Well, with the new dojo moving (slowly) forwards, we thought we could apply ourselves to other elements of our group, like our branding.
Now, don’t get me wrong, we are not a company but we want to be professional in every aspect of our practice – plus, we like club tshirts and that kind of thing – so we thought it was time for a new logo to go with the new building as the old logo was knocked up with the minimum of thought, based on a tsuba design I liked. Yeah, definitely time for a new logo – especially so when you consider I am an illustrator and John is a professional graphic designer.
The question is – what do we do? Something with a sword? A tsuba? A sword and a bokuto to reflect our arts? A pic of Musashi because we all secretly want to be him? Hehe.
Actually, I have an idea. I print it, get the markers out and have a scribble – hmmm, it has possibilities.
Due to our study of Hyoho Niten Ichi-ryu kenjutsu, I chose Miyamoto Musashi’s mangum opus painting – his jolly fine ‘Koboku Meigekizu – Shrike on a Dead Branch‘ (or ‘…in a Dead Tree’) done in sumi-e style. Now, I love sumi-e anyway, but this is just something else. How he captured such character in so few brush strokes is beyond me, even with an art appreciation background. Amazing stuff from someone many people consider just a thug. For readers who are unaware of this work of brilliance, here it is:
(for those interested, the original is in the Shimada Gallery, Kumamoto – I offered them a few quid for it but they said no and chucked me out)
This painting is pretty much priceless, and is instantly recognisable to martial artists worldwide who are aware of Musashi. For those unaware, Musashi is as much revered for his painting and sculpture as he is for his swordsmanship – and yet people seem to picture Musashi the fighter more than Musashi the artist. Funny that, in that the Shrike is pictured in the same way. Many people ignore the Shrike’s beautiful looks, it’s very striking call or its ritual dance when attracting a mate – and instead remember it for being a bit of a killer as it’s modus operandi is to catch insects and smaller birds and impale them on thorns, earning it the nickname butcher-bird.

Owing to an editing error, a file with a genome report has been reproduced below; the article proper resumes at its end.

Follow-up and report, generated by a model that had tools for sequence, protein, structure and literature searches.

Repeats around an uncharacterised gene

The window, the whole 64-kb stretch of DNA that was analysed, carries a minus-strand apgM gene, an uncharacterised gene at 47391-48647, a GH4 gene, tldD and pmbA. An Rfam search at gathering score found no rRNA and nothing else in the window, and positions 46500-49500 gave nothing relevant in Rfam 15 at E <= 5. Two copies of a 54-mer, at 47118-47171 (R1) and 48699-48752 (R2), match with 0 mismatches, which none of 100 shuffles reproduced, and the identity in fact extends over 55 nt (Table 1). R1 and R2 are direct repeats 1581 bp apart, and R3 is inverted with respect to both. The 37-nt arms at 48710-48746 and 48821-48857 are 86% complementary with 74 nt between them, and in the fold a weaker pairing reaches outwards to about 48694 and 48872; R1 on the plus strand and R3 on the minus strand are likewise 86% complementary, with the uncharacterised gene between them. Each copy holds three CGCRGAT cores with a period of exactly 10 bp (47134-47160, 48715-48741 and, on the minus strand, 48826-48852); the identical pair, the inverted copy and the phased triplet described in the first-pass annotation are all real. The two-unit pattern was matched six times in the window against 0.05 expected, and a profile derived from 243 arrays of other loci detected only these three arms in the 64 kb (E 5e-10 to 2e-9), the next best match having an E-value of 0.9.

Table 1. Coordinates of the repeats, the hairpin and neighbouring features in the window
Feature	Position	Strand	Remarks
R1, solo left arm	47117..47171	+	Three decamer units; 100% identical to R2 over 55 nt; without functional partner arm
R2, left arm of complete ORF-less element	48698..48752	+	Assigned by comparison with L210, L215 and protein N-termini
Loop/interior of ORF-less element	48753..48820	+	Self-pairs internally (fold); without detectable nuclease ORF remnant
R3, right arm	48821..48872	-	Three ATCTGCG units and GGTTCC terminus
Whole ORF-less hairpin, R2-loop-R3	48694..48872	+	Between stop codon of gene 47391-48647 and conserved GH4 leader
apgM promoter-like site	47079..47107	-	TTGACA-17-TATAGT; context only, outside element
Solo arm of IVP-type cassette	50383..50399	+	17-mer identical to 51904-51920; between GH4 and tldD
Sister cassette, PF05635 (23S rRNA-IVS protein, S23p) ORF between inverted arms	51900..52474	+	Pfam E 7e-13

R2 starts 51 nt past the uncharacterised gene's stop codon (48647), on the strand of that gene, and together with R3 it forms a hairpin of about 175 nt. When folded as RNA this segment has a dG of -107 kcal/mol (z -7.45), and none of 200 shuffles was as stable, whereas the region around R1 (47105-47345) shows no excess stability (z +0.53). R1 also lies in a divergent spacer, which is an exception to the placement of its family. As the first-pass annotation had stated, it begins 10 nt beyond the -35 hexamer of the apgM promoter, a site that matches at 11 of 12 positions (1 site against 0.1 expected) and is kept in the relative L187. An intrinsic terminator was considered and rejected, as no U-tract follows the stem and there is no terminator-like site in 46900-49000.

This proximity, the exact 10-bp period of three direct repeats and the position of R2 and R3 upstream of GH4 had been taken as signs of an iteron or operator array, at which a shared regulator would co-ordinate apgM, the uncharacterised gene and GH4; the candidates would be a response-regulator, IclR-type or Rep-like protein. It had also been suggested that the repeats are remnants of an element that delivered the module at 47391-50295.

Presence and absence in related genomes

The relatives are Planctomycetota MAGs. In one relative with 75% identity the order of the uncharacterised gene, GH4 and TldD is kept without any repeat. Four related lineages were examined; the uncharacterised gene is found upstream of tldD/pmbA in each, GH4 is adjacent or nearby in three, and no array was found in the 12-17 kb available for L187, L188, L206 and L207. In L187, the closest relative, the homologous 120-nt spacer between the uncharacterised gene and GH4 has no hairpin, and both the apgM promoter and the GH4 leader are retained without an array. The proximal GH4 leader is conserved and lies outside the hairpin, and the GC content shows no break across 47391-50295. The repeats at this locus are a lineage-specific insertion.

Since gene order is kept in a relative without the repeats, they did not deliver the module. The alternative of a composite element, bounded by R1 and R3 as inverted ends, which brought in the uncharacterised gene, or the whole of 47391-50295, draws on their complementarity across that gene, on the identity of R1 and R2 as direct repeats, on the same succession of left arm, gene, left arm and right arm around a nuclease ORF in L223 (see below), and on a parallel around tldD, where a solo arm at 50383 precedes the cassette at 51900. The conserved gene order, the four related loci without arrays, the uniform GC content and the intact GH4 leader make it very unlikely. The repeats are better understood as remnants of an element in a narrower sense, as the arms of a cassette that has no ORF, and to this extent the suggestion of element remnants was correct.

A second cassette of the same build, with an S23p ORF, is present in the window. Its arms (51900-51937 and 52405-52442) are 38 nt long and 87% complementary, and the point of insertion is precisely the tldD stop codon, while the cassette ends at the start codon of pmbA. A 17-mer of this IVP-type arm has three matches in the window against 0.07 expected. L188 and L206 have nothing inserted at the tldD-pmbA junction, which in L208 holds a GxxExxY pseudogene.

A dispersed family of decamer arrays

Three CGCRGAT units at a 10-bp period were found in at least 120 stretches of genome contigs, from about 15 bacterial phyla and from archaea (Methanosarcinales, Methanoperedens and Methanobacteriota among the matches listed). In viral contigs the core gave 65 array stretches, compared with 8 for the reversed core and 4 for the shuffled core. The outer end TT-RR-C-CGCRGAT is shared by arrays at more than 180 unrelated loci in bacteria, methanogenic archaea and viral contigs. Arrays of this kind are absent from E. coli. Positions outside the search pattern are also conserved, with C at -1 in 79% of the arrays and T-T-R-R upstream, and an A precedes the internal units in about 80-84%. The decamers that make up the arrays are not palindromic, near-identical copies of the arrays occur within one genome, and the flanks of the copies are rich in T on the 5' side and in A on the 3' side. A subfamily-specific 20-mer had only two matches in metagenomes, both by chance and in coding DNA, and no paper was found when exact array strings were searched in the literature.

I’m sure Musashi, being a nature buff, sat and watched the shrike and saw both sides of this beautiful creature.
Quite a flowery, inspirational moment I just had there. Better not do that again in public. Anyway, back to the logo.
As I have zero sumi-e skill, and nor did I want to just nick The Big M’s artwork, I decided to stylise the aggressive little chap instead. While I set John’s creative mind in motion to create something off the top of his head (I didn’t tell him I was using the original artwork), I cheated and started with Musashi’s Shrike itself, taking his outline and sharpened it up:
and the stylised and simplified version:
While I was working on this, John was creating his own shrike logo:
When we bought the two designs together, it was quite funny that we had a similar layout in mind, but it was apparent that both were wide of the mark – mine had too much of a cartoony feel, and John’s was quite cool but too much like a generic bird of prey and not so recognisable as a Shrike. No probs, we say – lets take the best of each and weave the two together. I asked John to take my design and give it more character and less comedy, retaining the shape of the shrike from Musashi’s painting but stylising it to match his concept. The result was this:
Mmmmmm, now it is starting to look pretty good. Still not great though. So, print it out, grab a drink and sit and think about it. You know, do the Musashi thing – “you should meditate on this” type of deal. So we did, and John and I chatted about it – and we came to the opinion that it lacked detail, style. So, back to researching the Shrike, looking at the various species, the Loggerhead Shrike, the Great Grey Shrike, the Mountain Shrike. We picked up a few pointers from the photos, added more feather details and John applied a more striking mask. It’s starting to come together.
So, over the following few days, we adjusted, tidied, scrapped, redrew and generally went through the process that this kind of design work warrants – and we eventually came out with two designs, one in full colour (our quite appropriate corporate colours of black and blue, hehe) which will be our official logo, and one simplified and further stylised version that will be used where a single colour only is available:
…and with our HEIJOSHIN title? Click on ‘em for full size images…
To say I am chuffed is an understatement. I love this design, and now after mucho reading up on them, love the Shrike. I can see why Musashi felt the urge to spend time painting such a creature.
So, thanks to John for his hard work, and once again, all contact details can be found on the links page under ‘corporate links’.